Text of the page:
SRES The storylines and associated population, GDP and emissions scenarios associated with the Special Report on Emissions Scenarios (SRES) (Nakićenović et al., 2000), and the resulting climate change and sea-level rise scenarios. Four families of socio-economic scenario (A1, A2, B1 and B2) represent different world futures in two distinct dimensions: a focus on economic versus environmental concerns, and global versus regional development patterns.
Stakeholder A person or an organisation that has a legitimate interest in a project or entity, or would be affected by a particular action or policy.
Stock See reservoir.
Stratosphere Highly stratified region of atmosphere above the troposphere extending from about 10 km (ranging from 9 km in high latitudes to 16 km in the tropics) to about 50 km.
Streamflow Water flow within a river channel, for example, expressed in m3/s. A synonym for river discharge.
Sub-alpine The biogeographic zone below the tree line and above the montane zone that is characterised by the presence of coniferous forest and trees.
Succulent Succulent plants, e.g., cactuses, possessing organs that store water, thus facilitating survival during drought conditions.
Surface runoff The water that travels over the land surface to the nearest surface stream; runoff of a drainage basin that has not passed beneath the surface since precipitation.
Sustainable development Development that meets the cultural, social, political and economic needs of the present generation without compromising the ability of future generations to meet their own needs.
Taiga The northernmost belt of boreal forest adjacent to the Arctic tundra.
Thermal expansion In connection with sea-level rise, this refers to the increase in volume (and decrease in density) that results from warming water. A warming of the ocean leads to an expansion of the ocean volume and hence an increase in sea level.
Thermocline The region in the world’s ocean, typically at a depth of 1 km, where temperature decreases rapidly with depth and which marks the boundary between the surface and the ocean.
Thermohaline circulation (THC) Large-scale, density-driven circulation in the ocean, caused by differences in temperature and salinity. In the North Atlantic, the thermohaline circulation consists of warm surface water flowing northward and cold deepwater flowing southward, resulting in a net poleward transport of heat. The surface water sinks in highly restricted regions located in high latitudes. Also called meridional overturning circulation (MOC).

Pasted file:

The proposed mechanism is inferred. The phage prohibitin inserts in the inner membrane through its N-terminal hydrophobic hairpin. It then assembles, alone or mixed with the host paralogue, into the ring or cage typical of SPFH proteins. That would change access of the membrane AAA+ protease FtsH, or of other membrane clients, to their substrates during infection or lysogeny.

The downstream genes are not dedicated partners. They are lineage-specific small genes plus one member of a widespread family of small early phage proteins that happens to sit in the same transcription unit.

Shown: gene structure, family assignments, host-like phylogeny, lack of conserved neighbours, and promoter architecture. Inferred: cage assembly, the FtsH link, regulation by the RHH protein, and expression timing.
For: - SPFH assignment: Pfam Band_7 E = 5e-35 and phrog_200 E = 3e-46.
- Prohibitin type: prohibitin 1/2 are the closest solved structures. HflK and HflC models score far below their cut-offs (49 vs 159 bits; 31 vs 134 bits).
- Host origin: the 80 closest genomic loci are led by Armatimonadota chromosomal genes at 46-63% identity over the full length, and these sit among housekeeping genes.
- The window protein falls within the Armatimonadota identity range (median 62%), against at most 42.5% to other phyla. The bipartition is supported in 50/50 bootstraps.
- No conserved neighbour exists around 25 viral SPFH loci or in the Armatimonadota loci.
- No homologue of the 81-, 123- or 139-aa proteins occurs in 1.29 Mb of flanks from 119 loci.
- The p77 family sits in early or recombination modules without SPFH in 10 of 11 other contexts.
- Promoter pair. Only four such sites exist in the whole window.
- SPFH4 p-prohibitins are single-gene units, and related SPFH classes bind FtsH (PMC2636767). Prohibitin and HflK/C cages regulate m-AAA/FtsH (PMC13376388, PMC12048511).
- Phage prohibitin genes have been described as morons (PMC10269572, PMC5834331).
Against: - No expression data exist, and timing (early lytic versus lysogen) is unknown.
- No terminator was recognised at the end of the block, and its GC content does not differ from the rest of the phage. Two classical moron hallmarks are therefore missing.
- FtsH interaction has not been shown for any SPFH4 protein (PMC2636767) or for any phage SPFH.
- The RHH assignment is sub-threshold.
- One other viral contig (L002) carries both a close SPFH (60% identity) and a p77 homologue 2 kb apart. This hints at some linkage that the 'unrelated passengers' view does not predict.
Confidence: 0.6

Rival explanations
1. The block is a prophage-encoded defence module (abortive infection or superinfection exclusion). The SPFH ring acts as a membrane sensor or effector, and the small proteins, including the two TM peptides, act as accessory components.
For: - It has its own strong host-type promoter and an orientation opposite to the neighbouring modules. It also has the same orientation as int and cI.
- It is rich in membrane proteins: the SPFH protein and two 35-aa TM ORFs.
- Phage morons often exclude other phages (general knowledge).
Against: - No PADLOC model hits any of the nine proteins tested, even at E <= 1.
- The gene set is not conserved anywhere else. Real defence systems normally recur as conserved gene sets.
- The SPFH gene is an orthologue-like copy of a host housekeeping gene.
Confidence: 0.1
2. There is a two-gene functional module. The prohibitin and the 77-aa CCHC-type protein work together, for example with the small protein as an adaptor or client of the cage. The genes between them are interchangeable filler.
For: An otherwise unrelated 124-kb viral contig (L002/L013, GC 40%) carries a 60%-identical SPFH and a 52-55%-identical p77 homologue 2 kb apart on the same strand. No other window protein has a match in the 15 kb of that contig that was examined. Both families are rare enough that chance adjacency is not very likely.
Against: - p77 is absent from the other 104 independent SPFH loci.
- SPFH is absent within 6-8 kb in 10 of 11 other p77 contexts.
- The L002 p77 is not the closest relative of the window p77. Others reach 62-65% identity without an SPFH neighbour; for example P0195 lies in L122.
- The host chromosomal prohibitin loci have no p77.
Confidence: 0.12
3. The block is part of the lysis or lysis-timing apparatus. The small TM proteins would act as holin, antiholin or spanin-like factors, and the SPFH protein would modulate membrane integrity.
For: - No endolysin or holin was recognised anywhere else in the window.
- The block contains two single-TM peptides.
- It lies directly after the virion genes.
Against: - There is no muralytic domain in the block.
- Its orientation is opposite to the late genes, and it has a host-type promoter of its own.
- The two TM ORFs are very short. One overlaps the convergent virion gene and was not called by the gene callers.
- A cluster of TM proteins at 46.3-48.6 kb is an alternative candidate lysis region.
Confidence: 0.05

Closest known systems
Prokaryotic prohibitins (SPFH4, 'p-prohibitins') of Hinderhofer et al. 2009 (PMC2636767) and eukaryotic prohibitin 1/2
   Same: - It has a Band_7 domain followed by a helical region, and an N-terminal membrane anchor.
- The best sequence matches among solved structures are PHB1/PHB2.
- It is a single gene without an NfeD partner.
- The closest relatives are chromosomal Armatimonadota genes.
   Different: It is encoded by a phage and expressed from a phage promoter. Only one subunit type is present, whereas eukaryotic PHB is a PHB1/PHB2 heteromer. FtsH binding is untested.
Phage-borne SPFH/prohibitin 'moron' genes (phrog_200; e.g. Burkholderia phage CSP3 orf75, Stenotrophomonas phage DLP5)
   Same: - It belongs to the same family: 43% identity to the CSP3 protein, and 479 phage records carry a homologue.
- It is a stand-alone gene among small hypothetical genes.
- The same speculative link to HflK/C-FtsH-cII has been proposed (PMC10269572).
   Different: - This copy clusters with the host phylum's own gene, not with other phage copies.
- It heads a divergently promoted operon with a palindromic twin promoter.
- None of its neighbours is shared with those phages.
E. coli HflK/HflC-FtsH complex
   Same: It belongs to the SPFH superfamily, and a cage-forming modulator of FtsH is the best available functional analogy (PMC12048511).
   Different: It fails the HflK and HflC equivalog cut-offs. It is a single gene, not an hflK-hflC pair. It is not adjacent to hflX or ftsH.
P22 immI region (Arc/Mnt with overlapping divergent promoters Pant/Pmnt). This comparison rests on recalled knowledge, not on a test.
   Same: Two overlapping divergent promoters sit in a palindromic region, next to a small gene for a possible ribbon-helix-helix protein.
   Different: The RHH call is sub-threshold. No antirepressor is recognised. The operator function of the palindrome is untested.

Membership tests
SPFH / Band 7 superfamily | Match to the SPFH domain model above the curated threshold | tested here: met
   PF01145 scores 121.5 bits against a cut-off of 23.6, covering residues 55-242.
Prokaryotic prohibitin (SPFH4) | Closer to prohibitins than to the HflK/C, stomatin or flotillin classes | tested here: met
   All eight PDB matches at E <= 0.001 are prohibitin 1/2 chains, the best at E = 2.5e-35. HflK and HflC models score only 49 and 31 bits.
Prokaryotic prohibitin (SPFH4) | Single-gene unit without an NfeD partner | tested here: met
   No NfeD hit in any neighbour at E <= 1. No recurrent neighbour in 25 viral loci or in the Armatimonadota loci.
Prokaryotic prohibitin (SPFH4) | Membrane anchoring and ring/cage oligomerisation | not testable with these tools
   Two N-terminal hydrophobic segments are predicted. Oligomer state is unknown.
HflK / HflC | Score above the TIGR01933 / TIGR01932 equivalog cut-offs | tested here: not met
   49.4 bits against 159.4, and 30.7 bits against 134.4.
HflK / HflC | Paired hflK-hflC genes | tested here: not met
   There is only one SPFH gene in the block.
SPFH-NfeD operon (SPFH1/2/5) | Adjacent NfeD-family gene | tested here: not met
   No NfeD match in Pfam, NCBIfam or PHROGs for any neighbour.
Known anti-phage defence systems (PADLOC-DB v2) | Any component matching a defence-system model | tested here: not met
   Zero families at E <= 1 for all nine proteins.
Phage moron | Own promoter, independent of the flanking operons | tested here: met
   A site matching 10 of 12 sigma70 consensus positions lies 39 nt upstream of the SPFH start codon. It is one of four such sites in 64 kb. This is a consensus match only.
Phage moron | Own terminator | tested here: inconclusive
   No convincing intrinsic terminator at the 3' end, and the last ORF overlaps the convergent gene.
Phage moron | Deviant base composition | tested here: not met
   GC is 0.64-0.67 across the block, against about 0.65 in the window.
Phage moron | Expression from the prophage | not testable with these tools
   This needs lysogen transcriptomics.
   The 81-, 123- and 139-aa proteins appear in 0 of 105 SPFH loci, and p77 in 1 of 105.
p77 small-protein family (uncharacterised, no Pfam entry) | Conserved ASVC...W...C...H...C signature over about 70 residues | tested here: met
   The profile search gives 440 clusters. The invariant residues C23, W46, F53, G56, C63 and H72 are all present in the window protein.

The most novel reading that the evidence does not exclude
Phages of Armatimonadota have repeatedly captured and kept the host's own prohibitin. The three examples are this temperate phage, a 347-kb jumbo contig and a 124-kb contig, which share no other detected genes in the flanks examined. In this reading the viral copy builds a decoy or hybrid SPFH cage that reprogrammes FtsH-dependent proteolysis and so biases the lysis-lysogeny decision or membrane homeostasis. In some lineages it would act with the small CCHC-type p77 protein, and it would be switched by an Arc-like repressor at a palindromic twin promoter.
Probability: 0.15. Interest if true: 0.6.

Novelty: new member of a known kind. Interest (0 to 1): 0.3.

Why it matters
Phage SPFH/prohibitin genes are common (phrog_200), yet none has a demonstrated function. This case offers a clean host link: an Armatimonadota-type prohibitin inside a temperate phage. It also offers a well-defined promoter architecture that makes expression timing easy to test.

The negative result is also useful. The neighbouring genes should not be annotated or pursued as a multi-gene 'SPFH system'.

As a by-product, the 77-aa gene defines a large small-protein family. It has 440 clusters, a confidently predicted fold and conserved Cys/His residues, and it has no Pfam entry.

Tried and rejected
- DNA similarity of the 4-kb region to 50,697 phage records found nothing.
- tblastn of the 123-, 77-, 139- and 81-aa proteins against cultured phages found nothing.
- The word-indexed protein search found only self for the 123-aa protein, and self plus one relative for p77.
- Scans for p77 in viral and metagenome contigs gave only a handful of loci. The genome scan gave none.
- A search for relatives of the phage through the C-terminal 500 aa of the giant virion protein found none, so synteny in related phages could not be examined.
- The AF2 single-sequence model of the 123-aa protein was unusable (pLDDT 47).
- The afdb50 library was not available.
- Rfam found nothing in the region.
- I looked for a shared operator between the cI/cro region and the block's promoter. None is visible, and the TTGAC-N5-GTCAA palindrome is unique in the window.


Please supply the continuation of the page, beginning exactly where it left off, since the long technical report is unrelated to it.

Thermokarst A ragged landscape full of shallow pits, hummocks and depressions often filled with water (ponds), which results from thawing of ground ice or permafrost. Thermokarst processes are the processes driven by warming that lead to the formation of thermokarst.
Threshold The level of magnitude of a system process at which sudden or rapid change occurs. A point or level at which new properties emerge in an ecological, economic or other system, invalidating predictions based on mathematical relationships that apply at lower levels.
Transpiration The evaporation of water vapour from the surfaces of leaves through stomata.
Tree line The upper limit of tree growth in mountains or high latitudes. It is more elevated or more poleward than the forest line.
Trophic level The position that an organism occupies in a food chain.
Trophic relationship The ecological relationship which results when one species feeds on another.
Troposphere The lowest part of the atmosphere from the surface to about 10 km in altitude in mid-latitudes (ranging from 9 km in high latitudes to 16 km in the tropics on average) where clouds and ‘weather’ phenomena occur. In the troposphere, temperatures generally decrease with height.
Tsunami A large wave produced by a submarine earthquake, landslide or volcanic eruption.
Tundra A treeless, level, or gently undulating plain characteristic of the Arctic and sub-Arctic regions characterised by low temperatures and short growing seasons.
Uncertainty An expression of the degree to which a value (e.g., the future state of the climate system) is unknown. Uncertainty can result from lack of information or from disagreement about what is known or even knowable. It may have many types of sources, from quantifiable errors in the data to ambiguously defined concepts or terminology, or uncertain projections of human behaviour. Uncertainty can therefore be represented by quantitative measures (e.g., a range of values calculated by various models) or by qualitative statements (e.g., reflecting the judgement of a team of experts). See also confidence and likelihood.